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On the rivet.
The 2016 Yeti SB5.5 Carbon XTR Complete Mountain Bike transcends categorization and earns its Super Bike designation by conquering watt-sucking climbs, stomach-dropping descents, and technical terrain with equal precision. Featuring 5.5in of rear travel and dressed up with Shimano's top-end XTR componentry, a dropper post, and drool-worthy ENVE M70 Thirty HV Hoops, this whip will redefine your limits and open new doors of possibility.
We've already seen Yeti impose its Super Bike philosophy on the wagon wheel category with the SB4.5, but the SB5.5's additional inch of rear travel rewards the more adventurous rider with a machine that flattens big hits with the same aggression that it cleans long climbs. By "more adventurous," we don't mean plodding bikepacking trips with 70lb of gear lashed about your person and frame. We mean aggressive. Not afraid to take the steppier line. Testing bikes on terrain they may or may not be able to handle. Instead of "more adventurous," some might write "reckless." Whatever. We'll leave those people with their overly restrictive, discipline-specific cycling while we take the SB5.5 across all the ups, downs, ins, and outs of true all-mountain riding.
Yeti's Switch Infinity suspension is the lynchpin of the SB5.5's seemingly limitless capabilities. Its linear travel hits the sweet spot of anti-squat to keep pedaling sharp across rocky climbs, and it also erases the momentary harshness that its predecessor, the Switch Link design, would display when pushed to the absolute limit. Go ahead and ride the shock open; it'll still claw up anything without sacrificing on big hits and deep rollovers.
The key difference between Switch Infinity and the Switch Link design it replaced is that the older model exhibits a momentary harshness when rapidly successive hits kept it hovering above the 30% stroke point. To address this, Switch Infinity replaces the Link's sinuous travel arc with a linear plane of motion, so the eccentric link changes direction without getting caught in the minute dead spot that produces that harshness. Of course, 95% of all riders won't ever push the Switch Link hard enough to experience this dead spot, but Yeti (being Yeti) went ahead and fixed it anyway.
Other than those two changes, veteran Yeti enthusiasts will be relieved to learn that the suspension systems are fairly similar. Like the Switch Link, the Switch Infinity slider travels upward under the first phase of compression, when the SB5.5 is settling into its sag point. As the rear end compresses deeper, the direction changes, and the DH-inspired slider travels down toward the bottom bracket shell to maintain a steady pedaling platform. This change of direction is smoother, without the above-mentioned dead space, but the effect is the same. Deep in the stroke, it works in conjunction with the upper pivot to produce a vertical wheel path that flattens big hits. You'll be tempting faster, straighter lines across the chunky stuff, because the SB5.5 is just about the perfect trail buddy, effectively tidying up sloppy, questionable lines and sweeping rider errors under the rug.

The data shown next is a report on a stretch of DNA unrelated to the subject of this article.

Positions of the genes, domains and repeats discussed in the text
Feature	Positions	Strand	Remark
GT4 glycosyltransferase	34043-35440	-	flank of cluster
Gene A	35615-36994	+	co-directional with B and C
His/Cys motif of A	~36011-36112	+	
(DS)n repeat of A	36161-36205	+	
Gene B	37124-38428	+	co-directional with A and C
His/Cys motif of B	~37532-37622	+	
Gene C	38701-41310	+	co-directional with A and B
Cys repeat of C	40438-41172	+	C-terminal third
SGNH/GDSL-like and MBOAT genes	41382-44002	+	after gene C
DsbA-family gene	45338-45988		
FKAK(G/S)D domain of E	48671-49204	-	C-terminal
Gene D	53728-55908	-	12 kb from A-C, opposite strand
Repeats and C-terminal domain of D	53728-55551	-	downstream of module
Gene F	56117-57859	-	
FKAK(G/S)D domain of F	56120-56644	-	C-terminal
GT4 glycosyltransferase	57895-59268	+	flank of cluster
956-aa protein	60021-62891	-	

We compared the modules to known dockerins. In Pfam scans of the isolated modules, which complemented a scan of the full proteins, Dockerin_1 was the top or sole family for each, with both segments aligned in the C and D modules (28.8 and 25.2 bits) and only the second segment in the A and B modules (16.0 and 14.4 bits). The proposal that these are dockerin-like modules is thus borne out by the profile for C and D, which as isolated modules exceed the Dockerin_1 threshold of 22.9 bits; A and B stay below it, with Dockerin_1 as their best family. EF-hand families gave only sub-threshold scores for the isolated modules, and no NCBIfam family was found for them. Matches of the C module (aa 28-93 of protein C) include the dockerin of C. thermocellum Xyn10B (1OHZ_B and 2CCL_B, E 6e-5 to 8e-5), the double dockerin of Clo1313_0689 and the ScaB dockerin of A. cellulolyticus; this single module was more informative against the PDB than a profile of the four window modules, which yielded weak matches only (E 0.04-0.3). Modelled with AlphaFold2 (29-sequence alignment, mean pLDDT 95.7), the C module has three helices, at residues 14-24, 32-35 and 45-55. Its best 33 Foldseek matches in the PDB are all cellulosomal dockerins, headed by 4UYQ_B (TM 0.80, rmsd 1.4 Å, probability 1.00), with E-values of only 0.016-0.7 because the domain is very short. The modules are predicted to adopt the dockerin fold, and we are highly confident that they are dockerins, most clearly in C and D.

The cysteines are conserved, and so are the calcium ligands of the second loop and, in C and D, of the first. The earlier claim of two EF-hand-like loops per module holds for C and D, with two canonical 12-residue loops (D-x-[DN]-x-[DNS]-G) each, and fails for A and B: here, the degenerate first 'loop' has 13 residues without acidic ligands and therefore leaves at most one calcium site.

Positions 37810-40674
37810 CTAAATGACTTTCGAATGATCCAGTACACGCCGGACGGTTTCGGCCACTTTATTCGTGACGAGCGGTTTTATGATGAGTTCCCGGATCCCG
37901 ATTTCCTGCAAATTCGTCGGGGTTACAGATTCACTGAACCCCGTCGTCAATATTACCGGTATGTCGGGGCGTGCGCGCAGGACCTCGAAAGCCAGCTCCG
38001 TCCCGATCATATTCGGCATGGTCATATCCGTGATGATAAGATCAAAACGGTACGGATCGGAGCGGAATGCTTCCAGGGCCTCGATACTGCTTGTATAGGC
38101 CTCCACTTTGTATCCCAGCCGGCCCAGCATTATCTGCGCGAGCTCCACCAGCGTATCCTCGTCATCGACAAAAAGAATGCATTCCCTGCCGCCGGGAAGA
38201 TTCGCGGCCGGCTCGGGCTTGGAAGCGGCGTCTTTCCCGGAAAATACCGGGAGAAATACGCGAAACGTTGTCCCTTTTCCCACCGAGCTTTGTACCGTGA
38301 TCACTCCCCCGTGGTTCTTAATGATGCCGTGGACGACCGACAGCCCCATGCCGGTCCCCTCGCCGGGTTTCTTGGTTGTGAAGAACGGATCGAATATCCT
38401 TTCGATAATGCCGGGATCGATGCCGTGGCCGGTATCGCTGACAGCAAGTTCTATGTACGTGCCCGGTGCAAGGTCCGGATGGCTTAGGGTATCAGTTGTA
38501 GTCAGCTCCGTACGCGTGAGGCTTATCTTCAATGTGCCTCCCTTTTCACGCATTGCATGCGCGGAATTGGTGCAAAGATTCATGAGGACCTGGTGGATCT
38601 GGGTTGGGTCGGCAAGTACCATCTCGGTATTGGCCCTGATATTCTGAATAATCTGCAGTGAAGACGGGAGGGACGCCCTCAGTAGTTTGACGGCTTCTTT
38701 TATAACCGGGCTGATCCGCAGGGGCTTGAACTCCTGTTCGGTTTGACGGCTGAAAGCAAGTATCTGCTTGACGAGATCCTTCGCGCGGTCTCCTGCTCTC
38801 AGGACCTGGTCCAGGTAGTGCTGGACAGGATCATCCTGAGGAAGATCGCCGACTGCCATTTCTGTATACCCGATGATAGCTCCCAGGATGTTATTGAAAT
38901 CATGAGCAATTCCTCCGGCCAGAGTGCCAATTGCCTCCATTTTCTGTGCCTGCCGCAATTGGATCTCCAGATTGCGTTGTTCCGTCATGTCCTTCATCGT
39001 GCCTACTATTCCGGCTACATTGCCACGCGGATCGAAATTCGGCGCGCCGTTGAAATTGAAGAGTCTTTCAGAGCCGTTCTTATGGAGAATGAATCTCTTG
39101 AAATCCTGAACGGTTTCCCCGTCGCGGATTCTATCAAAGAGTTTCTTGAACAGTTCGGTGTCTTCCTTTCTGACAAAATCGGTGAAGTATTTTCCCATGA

The frame itself is actually built to Yeti’s Gravity spec, so it can handle everything from shuttle loops to lapping big lines in the bike park. Like the overly ambitious kid in the buffet line, we've got big eyes and even bigger appetites, but the lines we size up are often bigger than our bellies can handle. Fortunately, SB5.5's got an uncanny knack for smashing through questionable decisions. Again, this isn't just marketing palaver; the bike was built with feedback from the likes of Yeti's own Rude, so it has DH in its DNA.
Despite its gravity pedigree, the SB5.5 is remarkably similar to the SB4.5 on fast singletrack and climbs. When it comes to the fluid world of off-road bikes, the "best in class" label should only be applied with a delicate touch and a healthy dose of caveats, and that lofty qualifier should definitely never be applied while still basking in the smells-like-recess afterglow of your first experience on the machine in question. But we can't help it. The SB5.5 exhibits what may well be best-in-class pedaling, feeling more like the SB4.5. In addition to the high-modulus carbon lay-up (no alloy, no added weight, no shortcuts) and Switch Infinity suspension, we suspect that the Boost axle standard plays a role here. For starters, Boost is just stiffer. Wider bracing angles for the stays and the spokes make for less wag and more efficiency. That's bike physics 101. The wider spacing of Boost also let Yeti's engineers slam the rear wheel up, so the SB5.5 enjoys the same efficient, agile chainstay length as the 4.5.
- Yeti's Super Bike redefines what's possible on the trail
- Responsive suspension with 5.5in of Switch Infinity travel
- Slack, DH-inspired geometry for sending big lines
- ENVE hoops add industry-leading design and a big dose of style
- Shimano's top-tier groupset provides reliable shifting
- Item #YTI005C